Specialist Pediatrician Dr Sara Khawaja from FamilyFIRST Medical Center tells us how to deal with insect bites.
What is the most problematic insect bite?
We are fortunate that the UAE has very few problematic insects or other arthropods like spiders. Scorpions are found only in the desert here and scorpion stings are rare. Generally, bees and wasps are potentially the most dangerous insects, especially in children who are allergic to their stings but I have yet to come across a child stung by a bee or wasp here in Dubai. Mild reactions caused by bites from mosquitoes, fleas and ants commonly bring children to the clinic. These reactions result from the injection of venom or other substances into the skin. The venom or insect’s saliva causes itching and sometimes triggers an allergic reaction. Most reactions to insect bites are mild, causing little more than an annoying itching or stinging sensation and mild swelling and redness that disappears within a day or so.
Is there anything that parents can do to prevent or treat swelling caused by insect bites?
Insect bites should be treated by washing the wound with soap and water to minimise the possibility of infection. Follow this with application of a cloth-covered ice pack. Topical anti-histamine or hydrocortisone creams applied sparingly to the area of the bite relieve swelling and itching. These creams should not be spread over large areas. Try to discourage your child from scratching or picking bites as this can lead to infection. In the case of a bee or wasp sting, attempt to remove the stinger to prevent release of more venom. Offer a pain-reliever like paracetamol to a child with a painful sting.
Is there a big difference between ant and mosquito bites?
Ants sting and mosquitoes bite! Most people confuse an insect bite with a sting. A bite is usually from insect mouth parts and occurs when an insect wants to feed or is agitated and needs to defend itself. Bites from mosquitoes, fleas, bed bugs and mites are more likely to cause itching than pain.
Stings, on the other hand, are delivered by an animal’s sharp stinger organ of offense or defense. It is connected to a venom gland and inflicts a wound by piercing causing pain, swelling, redness and rarely severe allergic reactions. Animals with a stinger include ants, bees, wasps and scorpions.
Do kids experience worse reactions dependent on their age?
No, not really. Most children who are frequently bitten by mosquitoes become less sensitive with time. Other children become increasingly allergic with repeated bites.
What precautions can parents follow to ensure kids are protected and to prevent getting bitten? Are there certain times during the day that kids are more at risk of getting bitten?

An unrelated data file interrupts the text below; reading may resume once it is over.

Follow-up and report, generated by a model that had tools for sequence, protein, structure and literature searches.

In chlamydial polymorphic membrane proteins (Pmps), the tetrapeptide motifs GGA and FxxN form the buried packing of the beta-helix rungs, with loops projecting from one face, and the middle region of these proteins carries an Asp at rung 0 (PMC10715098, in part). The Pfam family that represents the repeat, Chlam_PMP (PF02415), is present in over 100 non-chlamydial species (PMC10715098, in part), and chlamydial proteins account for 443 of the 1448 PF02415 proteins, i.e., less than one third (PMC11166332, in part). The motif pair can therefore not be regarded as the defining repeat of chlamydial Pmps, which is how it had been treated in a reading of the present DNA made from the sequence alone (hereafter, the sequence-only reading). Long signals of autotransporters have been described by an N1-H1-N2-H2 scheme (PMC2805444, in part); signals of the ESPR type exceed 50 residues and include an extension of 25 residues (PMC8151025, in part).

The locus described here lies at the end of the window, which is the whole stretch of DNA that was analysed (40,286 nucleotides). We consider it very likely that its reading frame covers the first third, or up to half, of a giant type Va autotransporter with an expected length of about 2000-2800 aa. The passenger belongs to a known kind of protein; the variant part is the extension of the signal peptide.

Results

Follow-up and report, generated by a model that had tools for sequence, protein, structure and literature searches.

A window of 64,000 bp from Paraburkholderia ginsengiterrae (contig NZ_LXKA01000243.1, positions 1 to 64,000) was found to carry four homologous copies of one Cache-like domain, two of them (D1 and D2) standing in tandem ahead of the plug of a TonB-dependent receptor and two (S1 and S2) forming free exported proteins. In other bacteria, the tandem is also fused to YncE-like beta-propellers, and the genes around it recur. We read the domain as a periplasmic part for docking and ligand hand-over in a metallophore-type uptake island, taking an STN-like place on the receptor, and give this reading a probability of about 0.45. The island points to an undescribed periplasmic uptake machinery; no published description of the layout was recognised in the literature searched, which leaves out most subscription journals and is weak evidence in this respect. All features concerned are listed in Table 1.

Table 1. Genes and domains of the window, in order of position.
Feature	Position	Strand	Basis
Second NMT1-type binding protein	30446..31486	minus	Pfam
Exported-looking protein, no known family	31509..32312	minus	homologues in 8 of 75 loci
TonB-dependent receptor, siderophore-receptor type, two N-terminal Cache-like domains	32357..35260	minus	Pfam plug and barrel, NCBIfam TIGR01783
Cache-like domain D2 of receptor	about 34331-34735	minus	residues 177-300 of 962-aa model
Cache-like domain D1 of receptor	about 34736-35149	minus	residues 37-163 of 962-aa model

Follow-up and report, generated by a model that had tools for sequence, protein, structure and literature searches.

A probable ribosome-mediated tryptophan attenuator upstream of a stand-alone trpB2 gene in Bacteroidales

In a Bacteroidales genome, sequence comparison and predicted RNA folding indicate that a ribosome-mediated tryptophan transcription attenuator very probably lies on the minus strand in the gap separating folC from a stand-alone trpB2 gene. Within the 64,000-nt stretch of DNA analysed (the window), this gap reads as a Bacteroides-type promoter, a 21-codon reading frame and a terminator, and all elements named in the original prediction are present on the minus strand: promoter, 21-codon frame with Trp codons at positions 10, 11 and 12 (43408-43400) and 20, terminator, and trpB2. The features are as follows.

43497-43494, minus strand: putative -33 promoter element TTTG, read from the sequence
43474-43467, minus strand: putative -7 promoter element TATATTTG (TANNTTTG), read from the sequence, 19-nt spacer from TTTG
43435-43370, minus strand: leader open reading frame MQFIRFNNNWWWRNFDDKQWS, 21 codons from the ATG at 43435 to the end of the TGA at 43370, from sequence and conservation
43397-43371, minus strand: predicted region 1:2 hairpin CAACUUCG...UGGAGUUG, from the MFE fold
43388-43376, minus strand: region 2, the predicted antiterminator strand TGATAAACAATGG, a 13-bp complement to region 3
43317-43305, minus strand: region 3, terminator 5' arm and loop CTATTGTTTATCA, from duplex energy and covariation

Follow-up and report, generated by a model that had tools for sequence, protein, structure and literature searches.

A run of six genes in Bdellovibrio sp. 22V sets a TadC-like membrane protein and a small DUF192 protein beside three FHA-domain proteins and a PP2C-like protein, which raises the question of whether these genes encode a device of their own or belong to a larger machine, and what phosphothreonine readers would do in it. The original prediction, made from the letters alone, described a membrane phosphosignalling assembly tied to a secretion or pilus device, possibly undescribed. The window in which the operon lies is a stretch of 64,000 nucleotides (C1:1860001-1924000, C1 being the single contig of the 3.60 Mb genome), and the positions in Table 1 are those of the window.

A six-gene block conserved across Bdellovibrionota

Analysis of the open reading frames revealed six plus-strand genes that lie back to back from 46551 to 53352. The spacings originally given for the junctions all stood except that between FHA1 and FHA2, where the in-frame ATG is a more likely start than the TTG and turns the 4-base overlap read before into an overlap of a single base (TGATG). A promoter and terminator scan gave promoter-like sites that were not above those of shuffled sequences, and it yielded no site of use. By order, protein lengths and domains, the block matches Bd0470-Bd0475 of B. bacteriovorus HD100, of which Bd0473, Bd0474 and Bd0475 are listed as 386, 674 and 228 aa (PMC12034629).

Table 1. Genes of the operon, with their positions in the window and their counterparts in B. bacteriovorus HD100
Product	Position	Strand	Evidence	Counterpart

Many species of mosquitoes bite between dusk and dawn so if your kids are playing outside in the evening dress them in light clothing that covers most of the body. Avoid fragranced lotions and soaps. It also helps to stay away from stagnant water. If mosquitoes are a problem in your area or if your child is allergic to mosquito bites, use an insect repellant on exposed areas of skin. Your doctor or pharmacist can help select the most appropriate one. A child who has experienced a severe reaction to a bee or wasp sting should carry an epinephrine auto-injector at all times as the risk of recurrence is 40 to 60 per cent.
What symptoms should parents look out for that could signal a trip to the doctor?
I usually advise parents to seek medical help in the following cases:
• Hives (scattered itchy, red bumps on the skin) – this is a delayed reaction to an insect bite.
• The bite appears infected. There would be swelling, redness with or without pus, tenderness, warmth of the area, and sometimes fever. This type of swelling is firm or hard and can easily be differentiated from the usual soft swelling in a mild reaction to a bite. Infected bites happen when the skin has been broken from scratching.
• Scorpion sting – these are rare and only happen on trips out into the desert. Victims usually recover well and complications are rare, but a trip to an Emergency Department is still warranted particularly in the case of small children.
• Severe, life-threatening reactions to insect stings or bites (anaphylaxis). These are rare but getting immediate medical help is of paramount importance as severe anaphylaxis can be fatal within 30 minutes.
The occurrence of any of the following signs and symptoms after an insect sting or bite can indicate a severe reaction and should prompt immediate evaluation at a hospital Emergency Department: Facial or tongue swelling; Sensation of the throat closing or difficulty talking or swallowing; Difficulty breathing, wheezing; Abdominal pain, nausea and vomiting; Feeling dizzy or fainting – this is from a drop in blood pressure (shock).